The Town of Stoneham is a residential suburban community situated less than 10 miles to the Northwest of the city of Boston. Approximately one-third of the community is contained within the Metropolitan District Commission (MDC) Middlesex Fells Reservation, including Spot Pond. Known as Charlestown End by the early American explorers, Stoneham’s early settlers were farmers.
The growth that followed the first settlement of 1645 was slow. In 1725 when the taxable male population reached 65 in number, the General Court was petitioned to allow Stoneham to become a separate town (breaking away from Charlestown).On December 17, 1725, the petition was granted, and one week later Stoneham’s first Town Meeting was held.
The construction of a major roadway linking Medford to Andover in 1806 resulted in a shift of the town center from the Summer and Pleasant Street area to what is now the modern Main Street. With the advent of the Federal Period (1775-1830) the local economy was still largely based on agriculture but was witnessing the introduction of shoes in small shops scattered throughout the community. During the 1830s central shops were established, often in conjunction with a general store.
The public stagecoach line linking North Reading to Boston began to pass through Stoneham on the Medford to Andover Turnpike in 1833 improving transportation. Over time the farmlands located within the Turnpike corridor was subdivided for the development of homes for the shopkeepers, shoemakers, carpenters, and other craftsmen. In 1840 churches were built, and in the 1850s the Stoneham 5 Cent Savings Bank and John Hill’s Factory were established on Main Street.
The Industrial Revolution brought growth and commerce to Stoneham. The home shoemaking industry was over time absorbed into the more than forty shoe manufacturing concerns. Today one only needs to look at the Town Seal to see the importance of shoe manufacturing, tanneries and box factories to see their importance to Stoneham.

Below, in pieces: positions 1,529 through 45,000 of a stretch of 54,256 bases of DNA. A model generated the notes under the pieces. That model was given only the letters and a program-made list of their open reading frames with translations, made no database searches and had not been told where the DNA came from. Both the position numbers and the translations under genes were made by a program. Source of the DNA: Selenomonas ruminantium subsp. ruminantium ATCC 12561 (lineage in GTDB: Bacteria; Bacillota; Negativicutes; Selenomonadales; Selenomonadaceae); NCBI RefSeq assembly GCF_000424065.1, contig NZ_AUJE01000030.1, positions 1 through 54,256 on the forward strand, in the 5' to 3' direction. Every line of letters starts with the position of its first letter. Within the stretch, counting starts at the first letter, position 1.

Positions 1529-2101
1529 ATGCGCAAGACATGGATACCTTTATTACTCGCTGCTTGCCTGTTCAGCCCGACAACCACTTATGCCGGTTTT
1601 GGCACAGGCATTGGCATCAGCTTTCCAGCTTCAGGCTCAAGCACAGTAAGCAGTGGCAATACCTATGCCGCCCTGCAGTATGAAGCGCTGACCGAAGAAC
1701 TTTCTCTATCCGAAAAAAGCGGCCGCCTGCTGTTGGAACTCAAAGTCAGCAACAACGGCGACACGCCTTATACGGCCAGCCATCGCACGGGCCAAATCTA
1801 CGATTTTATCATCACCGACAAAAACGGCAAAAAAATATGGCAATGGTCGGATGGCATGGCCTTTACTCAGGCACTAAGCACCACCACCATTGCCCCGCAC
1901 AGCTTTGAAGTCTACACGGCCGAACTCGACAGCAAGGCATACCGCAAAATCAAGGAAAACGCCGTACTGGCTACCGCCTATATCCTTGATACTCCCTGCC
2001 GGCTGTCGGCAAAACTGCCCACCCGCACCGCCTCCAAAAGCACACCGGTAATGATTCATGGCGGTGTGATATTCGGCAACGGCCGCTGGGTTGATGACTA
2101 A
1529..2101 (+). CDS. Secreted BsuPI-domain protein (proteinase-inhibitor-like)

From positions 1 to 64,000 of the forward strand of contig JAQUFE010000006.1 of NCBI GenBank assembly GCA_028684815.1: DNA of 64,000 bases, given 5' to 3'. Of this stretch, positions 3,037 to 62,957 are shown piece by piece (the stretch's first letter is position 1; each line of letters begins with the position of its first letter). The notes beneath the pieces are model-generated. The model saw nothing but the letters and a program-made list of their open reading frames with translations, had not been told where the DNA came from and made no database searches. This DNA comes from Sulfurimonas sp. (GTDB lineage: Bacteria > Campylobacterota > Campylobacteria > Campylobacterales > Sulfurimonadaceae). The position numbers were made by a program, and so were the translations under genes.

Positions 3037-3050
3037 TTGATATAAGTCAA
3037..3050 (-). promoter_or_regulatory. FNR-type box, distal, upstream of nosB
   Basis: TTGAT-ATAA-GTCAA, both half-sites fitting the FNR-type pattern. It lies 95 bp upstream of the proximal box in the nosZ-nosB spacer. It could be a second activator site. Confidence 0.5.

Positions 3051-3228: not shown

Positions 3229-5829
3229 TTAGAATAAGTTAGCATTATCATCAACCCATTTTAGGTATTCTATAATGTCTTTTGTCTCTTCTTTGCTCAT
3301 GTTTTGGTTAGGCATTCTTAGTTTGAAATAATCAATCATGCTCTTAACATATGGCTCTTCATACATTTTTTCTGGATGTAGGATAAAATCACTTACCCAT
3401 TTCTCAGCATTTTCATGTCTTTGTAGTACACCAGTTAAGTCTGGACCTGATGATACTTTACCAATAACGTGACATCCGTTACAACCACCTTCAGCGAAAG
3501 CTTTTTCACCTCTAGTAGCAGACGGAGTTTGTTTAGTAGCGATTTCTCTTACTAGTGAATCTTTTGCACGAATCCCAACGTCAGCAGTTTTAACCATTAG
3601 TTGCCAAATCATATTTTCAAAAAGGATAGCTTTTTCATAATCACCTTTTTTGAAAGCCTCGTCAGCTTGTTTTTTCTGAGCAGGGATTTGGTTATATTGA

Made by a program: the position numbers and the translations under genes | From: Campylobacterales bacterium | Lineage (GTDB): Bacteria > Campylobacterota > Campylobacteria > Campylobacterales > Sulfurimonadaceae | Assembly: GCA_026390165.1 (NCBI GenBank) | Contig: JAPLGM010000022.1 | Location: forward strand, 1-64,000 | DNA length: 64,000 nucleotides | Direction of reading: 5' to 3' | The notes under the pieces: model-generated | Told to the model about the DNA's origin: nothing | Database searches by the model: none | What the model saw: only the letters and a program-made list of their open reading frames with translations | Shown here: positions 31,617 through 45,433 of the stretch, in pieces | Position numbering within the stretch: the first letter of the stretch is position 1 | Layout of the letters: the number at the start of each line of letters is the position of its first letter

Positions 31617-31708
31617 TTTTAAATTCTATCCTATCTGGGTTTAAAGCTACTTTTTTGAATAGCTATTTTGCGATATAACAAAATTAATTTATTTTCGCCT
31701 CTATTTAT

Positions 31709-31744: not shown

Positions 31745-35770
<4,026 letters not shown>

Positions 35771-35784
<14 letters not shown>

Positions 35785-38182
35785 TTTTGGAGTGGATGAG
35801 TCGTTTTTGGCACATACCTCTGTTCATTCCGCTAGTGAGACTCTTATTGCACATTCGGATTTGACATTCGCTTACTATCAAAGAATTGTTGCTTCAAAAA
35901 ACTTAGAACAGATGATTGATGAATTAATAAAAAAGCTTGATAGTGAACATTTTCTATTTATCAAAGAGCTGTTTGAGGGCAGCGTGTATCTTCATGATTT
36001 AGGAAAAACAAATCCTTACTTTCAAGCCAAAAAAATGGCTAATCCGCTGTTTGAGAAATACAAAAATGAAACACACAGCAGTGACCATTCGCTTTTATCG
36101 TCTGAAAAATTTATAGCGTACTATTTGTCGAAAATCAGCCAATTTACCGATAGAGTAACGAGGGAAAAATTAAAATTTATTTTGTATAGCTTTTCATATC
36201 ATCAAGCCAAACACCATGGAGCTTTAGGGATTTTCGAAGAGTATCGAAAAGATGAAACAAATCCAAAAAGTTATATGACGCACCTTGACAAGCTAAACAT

The twentieth century brought more growth, more transportation services, more demand for carpenters and other craftsmen (to build the houses ) and as the shoe industry went into decline the advent of what was the Town’s largest employer E.L. Patch Company, a manufacturer of pharmaceuticals. Stoneham also was becoming Detroit of the East with a burgeoning auto manufacturing industry. Only fire could change the course with the destruction of the factory and the plans.
The Friendly Town
Stoneham was known as “The Friendly Town.” The success of the community was evident in the number of Olympic Team members that came from Stoneham since the modern Olympics were introduced.
Stoneham has established itself as a fine suburban community with low crime, fine schools, outstanding local services, and roadways linking in all directions and as a great location for people to live and locate their business.
View the July 2015 Issue of Northshore Magazine.